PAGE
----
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Figure 1. (a) Schematic diagram of the dual-chamber microbial fuel cell (MFC) reactor used with the ferricyanide cathode (FeC) and dissolved oxygen cathode (DOC); (b) single-chamber MFC reactor using an air cathode (AiC) electrode in a sandwich construction with the membrane; (c) composition of the AiC containing platinized carbon (Pt/C) coated carbon cloth (C-cloth), one carbon base layer (C-base) and four polytetrafluoroethylene diffusion layers (PTFE-diff l) facing the air side. The circuit diagrams are indicated with external resistance (RExt).
Figure 1. (a) Schematic diagram of the dual-chamber microbial fuel cell (MFC) reactor used with the ferricyanide cathode (FeC) and dissolved oxygen cathode (DOC); (b) single-chamber MFC reactor using an air cathode (AiC) electrode in a sandwich construction with the membrane; (c) composition of the AiC containing platinized carbon (Pt/C) coated carbon cloth (C-cloth), one carbon base layer (C-base) and four polytetrafluoroethylene diffusion layers (PTFE-diff l) facing the air side. The circuit diagrams are indicated with external resistance (RExt).
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Figure 2. (a) Cell voltage and (b) power density plotted as a function of current density in the MFCs with DOC, FeC and AiC cathodes. In (a), slope = −(Internal resistance Ωm2).
Figure 2. (a) Cell voltage and (b) power density plotted as a function of current density in the MFCs with DOC, FeC and AiC cathodes. In (a), slope = −(Internal resistance Ωm2).
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Figure 3. Electrode potential curves vs. Ag/AgCl reference electrodes in the three types of MFC cathodes: (a) DOC; (b) FeC and (c) AiC. Anode and cathode potentials are plotted vs. current density. The slopes α equals the individual electrode resistances in Ωm2.
Figure 3. Electrode potential curves vs. Ag/AgCl reference electrodes in the three types of MFC cathodes: (a) DOC; (b) FeC and (c) AiC. Anode and cathode potentials are plotted vs. current density. The slopes α equals the individual electrode resistances in Ωm2.
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Figure 4. Electrochemical impedance spectroscopy (EIS) spectrum of the (a) cathode and (b) anode as the normalized imaginary impedance (Z”) vs. the normalized real impedance (Z’). The inserted plots show the data at low Z’ used for estimation of the ohmic resistance.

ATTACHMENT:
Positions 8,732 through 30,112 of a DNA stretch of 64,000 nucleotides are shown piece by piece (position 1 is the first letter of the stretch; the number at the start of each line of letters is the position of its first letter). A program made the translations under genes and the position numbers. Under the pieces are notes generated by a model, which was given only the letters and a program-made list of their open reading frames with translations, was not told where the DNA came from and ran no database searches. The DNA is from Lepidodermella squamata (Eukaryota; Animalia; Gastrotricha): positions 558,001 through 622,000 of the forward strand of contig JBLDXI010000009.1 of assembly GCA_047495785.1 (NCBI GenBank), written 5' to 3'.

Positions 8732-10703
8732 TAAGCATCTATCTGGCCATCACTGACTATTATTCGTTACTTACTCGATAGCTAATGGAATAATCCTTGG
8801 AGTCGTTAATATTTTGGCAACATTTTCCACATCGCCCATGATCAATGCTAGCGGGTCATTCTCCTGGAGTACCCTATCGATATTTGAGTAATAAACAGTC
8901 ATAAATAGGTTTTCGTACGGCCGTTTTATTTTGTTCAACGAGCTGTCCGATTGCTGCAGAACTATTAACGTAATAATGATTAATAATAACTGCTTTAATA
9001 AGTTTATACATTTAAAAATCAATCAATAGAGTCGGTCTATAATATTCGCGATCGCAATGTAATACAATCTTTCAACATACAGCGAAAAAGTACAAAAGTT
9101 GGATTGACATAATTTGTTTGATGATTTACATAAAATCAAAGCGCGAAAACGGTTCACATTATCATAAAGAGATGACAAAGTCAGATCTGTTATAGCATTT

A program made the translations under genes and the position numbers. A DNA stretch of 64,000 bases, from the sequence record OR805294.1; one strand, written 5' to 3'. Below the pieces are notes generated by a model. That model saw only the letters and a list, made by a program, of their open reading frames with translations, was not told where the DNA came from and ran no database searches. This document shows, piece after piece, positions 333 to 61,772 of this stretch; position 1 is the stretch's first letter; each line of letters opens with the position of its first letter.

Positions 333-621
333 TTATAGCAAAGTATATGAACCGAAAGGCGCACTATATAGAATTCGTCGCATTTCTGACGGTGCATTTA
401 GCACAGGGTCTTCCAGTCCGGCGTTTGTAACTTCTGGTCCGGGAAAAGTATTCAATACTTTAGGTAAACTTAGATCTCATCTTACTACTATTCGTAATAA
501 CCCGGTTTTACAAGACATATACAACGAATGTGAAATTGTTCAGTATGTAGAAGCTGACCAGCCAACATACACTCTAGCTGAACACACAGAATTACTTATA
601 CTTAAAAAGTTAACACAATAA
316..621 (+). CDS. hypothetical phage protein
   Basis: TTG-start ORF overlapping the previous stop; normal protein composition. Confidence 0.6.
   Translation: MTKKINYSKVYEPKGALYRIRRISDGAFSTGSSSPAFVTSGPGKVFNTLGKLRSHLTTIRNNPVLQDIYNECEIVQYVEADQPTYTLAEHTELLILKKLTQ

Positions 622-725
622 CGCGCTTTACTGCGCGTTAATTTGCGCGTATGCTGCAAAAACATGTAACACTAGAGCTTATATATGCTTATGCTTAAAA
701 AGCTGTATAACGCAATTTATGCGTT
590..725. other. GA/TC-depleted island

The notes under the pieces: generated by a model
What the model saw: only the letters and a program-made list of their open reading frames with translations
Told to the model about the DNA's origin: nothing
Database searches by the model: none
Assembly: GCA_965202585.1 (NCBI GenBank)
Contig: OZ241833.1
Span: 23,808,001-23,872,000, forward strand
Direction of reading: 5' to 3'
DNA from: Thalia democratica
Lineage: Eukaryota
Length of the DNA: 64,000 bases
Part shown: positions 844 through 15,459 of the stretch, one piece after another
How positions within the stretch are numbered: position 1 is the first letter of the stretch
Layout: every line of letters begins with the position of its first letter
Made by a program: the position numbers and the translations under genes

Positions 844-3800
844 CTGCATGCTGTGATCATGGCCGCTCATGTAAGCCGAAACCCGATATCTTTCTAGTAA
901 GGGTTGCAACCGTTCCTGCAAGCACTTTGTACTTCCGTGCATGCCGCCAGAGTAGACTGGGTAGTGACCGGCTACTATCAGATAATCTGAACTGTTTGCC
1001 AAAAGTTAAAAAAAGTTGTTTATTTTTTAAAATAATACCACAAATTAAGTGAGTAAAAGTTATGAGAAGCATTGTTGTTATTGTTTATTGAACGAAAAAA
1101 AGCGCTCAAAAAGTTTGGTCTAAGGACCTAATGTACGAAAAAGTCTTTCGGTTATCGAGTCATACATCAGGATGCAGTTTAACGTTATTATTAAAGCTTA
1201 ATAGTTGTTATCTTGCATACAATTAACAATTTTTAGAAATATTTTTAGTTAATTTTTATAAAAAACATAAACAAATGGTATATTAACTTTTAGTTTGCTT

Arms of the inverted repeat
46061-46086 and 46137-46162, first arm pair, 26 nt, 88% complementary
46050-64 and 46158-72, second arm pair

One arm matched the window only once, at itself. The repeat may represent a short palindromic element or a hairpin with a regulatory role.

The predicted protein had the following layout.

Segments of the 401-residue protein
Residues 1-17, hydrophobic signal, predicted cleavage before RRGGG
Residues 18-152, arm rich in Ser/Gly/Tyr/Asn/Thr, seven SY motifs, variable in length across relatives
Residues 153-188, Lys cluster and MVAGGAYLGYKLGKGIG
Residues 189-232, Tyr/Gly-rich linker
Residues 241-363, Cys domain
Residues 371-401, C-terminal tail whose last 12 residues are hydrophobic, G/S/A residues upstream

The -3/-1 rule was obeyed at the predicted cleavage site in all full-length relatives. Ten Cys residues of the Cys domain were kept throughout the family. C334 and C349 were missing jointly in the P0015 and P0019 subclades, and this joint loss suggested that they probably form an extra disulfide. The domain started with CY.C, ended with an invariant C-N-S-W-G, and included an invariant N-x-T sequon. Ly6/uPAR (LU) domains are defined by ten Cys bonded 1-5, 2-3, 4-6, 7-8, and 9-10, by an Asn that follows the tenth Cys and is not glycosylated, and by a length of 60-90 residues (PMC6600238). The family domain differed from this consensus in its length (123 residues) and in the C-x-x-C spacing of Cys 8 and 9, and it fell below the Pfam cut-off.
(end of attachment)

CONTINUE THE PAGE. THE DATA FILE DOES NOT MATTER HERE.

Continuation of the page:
Figure 4. Electrochemical impedance spectroscopy (EIS) spectrum of the (a) cathode and (b) anode as the normalized imaginary impedance (Z”) vs. the normalized real impedance (Z’). The inserted plots show the data at low Z’ used for estimation of the ohmic resistance.
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Figure 5. Continuous MFC processes experiment: (a) external resistance ( –––– , left Y-axis) and chemical oxygen demand load ( - - - - , right axis) applied during the 7 periods for the total 26 days of experiment; (b) current density responses recorded for the MFCs with different cathode types: DOC, FeC and AiC, during the 26 days of experiment.
Figure 5. Continuous MFC processes experiment: (a) external resistance ( –––– , left Y-axis) and chemical oxygen demand load ( - - - - , right axis) applied during the 7 periods for the total 26 days of experiment; (b) current density responses recorded for the MFCs with different cathode types: DOC, FeC and AiC, during the 26 days of experiment.
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Table 1. Ohmic resistance obtained from the EIS spectra of the three cathode types: DOC, FeC and AiC in Figure 3. Data are compared with internal resistance estimated by linear regression using Figure 2a and Figure 3.
Table 1. Ohmic resistance obtained from the EIS spectra of the three cathode types: DOC, FeC and AiC in Figure 3. Data are compared with internal resistance estimated by linear regression using Figure 2a and Figure 3.
Cathode TypeDOC-MFCFeC-MFCAiC-MFC
PartAnodeCathodeCellAnodeCathodeCellAnodeCathodeCell
UnitΩm2Ωm2Ωm2Ωm2Ωm2Ωm2Ωm2Ωm2Ωm2
Ohmic resistance0.020.05 0.070.04 0.070.02
Internal resistance0.080.430.460.070.110.180.220.100.32
Table 2. Operational parameters including substrate loading rate (Lsub), external resistance (Rext), anode electrode potential (Ean), cathode electrode potential (Eca) and coulombic efficiency (CE) for the three cathode types vs. period number. The potential is reported vs. Ag/AgCl reference electrodes. Acetate was used in Period 1 and bioethanol effluent in Periods 2–7.
Table 2. Operational parameters including substrate loading rate (Lsub), external resistance (Rext), anode electrode potential (Ean), cathode electrode potential (Eca) and coulombic efficiency (CE) for the three cathode types vs. period number. The potential is reported vs. Ag/AgCl reference electrodes. Acetate was used in Period 1 and bioethanol effluent in Periods 2–7.
ParametersDOC-MFCFeC-MFCAiC-MFC
PeriodTimeLsubRextEanEcaIaveCEEanEcaIaveCEEanEcaIaveCE
UnitDayg·COD/L/dmVmVmA/m2%mVmVmA/m2%mVmVmA/m2%
1110.5150−470−29014218−44014044441−37015040325
230.5150−470−2901467−42015045722−34016039718
321.0150−470−2901456−42016044516−44015043813
421.075−470−34017315−39014069136−43010068433
521.047−460−39018619−360160111462−3705092049
642.047−460−3901845−390140127930−40050104323
722.027−420−3901844−340140164028−5010080212